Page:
Andrew Briddon Locos

Andrew Briddon Locos

preserved railway vehicles

Brush Traction 0-6-0DE: 803

picture 140 2

Works Number 803
Weight 36tons (in working order)
Power Unit Rolls-Royce DV8N
Rating 427bhp at 1800rpm
Train Braking Air
Present Location Peak Rail, Rowsley

The only diesel-electric in the collection is this Brush loco from 1977-8. Built for construction of the Tyne & Wear Metro as their number WL3, it was retained for maintenance use but then superceeded by electric overhead/battery locos, being reported as 'Out of Use' by late 1988. Although based on a design produced by Brush as a metre/3'6" gauge loco for export purposes (when usually fitted with a Paxman engine) the T&W locos were fitted with the Rolls-Royce DV8N (normally aspirated) engine (initially rated at 445bhp/1800rpm) which was provided with water-wash exhaust for use in the tunnels. The DV8N engine was however a "dirty" engine and although de-rated later to 427bhp to reduce smoke, the water-wash was subsequently abandoned in favour of fume diluters. The reservoir tank for the water wash still exists under the cab floor. For their 110V auxiliary electrics, the crews reputedly demanded sufficient battery power to run the cab heater for several hours and still have sufficient power to restart the engine, resulting in a large, two tier NiCad battery in an enclosure behind the fuel tank that lost the rear walkway and looked like an "after-thought" (below).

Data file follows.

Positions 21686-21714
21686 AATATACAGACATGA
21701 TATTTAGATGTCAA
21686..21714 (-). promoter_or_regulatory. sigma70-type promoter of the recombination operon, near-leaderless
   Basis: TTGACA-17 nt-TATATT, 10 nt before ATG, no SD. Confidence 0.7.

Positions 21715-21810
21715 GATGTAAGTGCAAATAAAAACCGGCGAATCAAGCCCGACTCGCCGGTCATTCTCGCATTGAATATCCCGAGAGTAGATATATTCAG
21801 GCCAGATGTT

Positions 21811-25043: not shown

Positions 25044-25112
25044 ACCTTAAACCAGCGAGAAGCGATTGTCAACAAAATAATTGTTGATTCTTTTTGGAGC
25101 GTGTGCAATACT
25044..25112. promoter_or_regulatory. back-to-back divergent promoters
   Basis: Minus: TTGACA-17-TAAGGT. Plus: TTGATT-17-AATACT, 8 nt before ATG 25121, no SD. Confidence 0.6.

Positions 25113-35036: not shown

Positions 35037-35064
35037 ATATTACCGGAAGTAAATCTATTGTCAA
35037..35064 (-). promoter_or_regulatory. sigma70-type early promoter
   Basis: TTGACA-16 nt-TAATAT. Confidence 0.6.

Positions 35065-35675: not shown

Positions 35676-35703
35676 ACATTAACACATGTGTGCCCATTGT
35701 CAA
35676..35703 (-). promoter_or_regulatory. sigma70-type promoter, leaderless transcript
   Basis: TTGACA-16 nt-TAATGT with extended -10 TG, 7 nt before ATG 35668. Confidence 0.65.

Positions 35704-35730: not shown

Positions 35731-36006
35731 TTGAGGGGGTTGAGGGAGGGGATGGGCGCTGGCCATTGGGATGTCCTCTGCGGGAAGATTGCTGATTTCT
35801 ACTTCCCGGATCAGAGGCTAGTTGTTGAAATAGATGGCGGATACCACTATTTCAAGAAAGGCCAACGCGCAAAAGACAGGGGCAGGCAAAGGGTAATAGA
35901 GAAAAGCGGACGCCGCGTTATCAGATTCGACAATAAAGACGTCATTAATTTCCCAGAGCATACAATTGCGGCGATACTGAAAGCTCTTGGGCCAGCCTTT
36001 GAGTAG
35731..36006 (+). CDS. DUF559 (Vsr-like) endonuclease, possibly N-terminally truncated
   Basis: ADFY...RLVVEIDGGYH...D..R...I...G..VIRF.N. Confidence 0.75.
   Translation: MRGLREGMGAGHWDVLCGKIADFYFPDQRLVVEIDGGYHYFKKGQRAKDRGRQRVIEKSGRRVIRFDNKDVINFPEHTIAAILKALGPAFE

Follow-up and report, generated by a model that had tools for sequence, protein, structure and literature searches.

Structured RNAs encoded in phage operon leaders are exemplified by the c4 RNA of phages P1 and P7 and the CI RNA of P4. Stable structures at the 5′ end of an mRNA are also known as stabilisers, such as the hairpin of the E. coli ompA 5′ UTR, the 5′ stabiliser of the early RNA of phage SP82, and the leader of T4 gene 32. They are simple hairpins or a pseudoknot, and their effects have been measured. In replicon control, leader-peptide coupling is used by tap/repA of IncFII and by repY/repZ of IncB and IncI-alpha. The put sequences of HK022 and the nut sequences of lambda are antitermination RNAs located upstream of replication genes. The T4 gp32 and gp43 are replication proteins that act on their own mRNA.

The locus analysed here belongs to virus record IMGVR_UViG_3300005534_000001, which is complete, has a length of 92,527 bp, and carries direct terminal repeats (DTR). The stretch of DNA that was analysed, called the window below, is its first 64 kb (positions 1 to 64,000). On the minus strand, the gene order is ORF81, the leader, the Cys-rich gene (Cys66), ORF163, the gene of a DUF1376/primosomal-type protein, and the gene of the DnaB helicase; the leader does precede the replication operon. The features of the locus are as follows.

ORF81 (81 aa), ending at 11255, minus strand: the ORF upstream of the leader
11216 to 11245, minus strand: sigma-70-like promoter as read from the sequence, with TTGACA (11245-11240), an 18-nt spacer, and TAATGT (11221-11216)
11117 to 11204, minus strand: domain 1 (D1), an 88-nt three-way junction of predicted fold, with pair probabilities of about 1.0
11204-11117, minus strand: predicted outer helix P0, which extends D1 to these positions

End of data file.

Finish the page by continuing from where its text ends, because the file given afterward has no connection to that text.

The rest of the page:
brush 550 hdr2

Along with 4 others it was sold to TML for construction of the Channel Tunnel at Cheriton, prior to which, RFS fitters went in to get all 5 operational. In 803's case this included receiving two "Class 08" pattern buffers at the rear (fuel tank) end. When their work at Cheriton came to an end, they were sold again to Insulated Structures, who owned the Round Oak Rail terminal near Dudley. Despite their considerable appearance, the locos only weighed 36tons, and may have given their new owners the impression of being bigger, since one by one Round Oak Rail succeeded in overloading them. This was the last, and the resultant flashover in 2005 caused a fire which was extinguished by a nearby mainline railway loco crew.

With repairs estimated in £000s, it was to be scrapped but Andrew negotiated to buy it. It has been stored as repairs were considered outside Andrew's price range, although Peak Rail have put it to good use as a gas oil storage tank! Some re-wiring has taken place however to rectify fire damage, and simplify some of the m.u. capability originally provided. The "08" pattern buffers were replaced by two of the correct pattern Oleos (from a class 37 at C F Booth's), and finally the battery box has been removed: it is envisaged that when work is put in hand (in the new shed), the cab will be lifted and the water-wash reservoir tank removed. This occupies a considerable amount of under-floor cab space and will provide space for batteries to be located.

fuel tank composite

With the battery box (left) and without. The walkway will be made good in due course.

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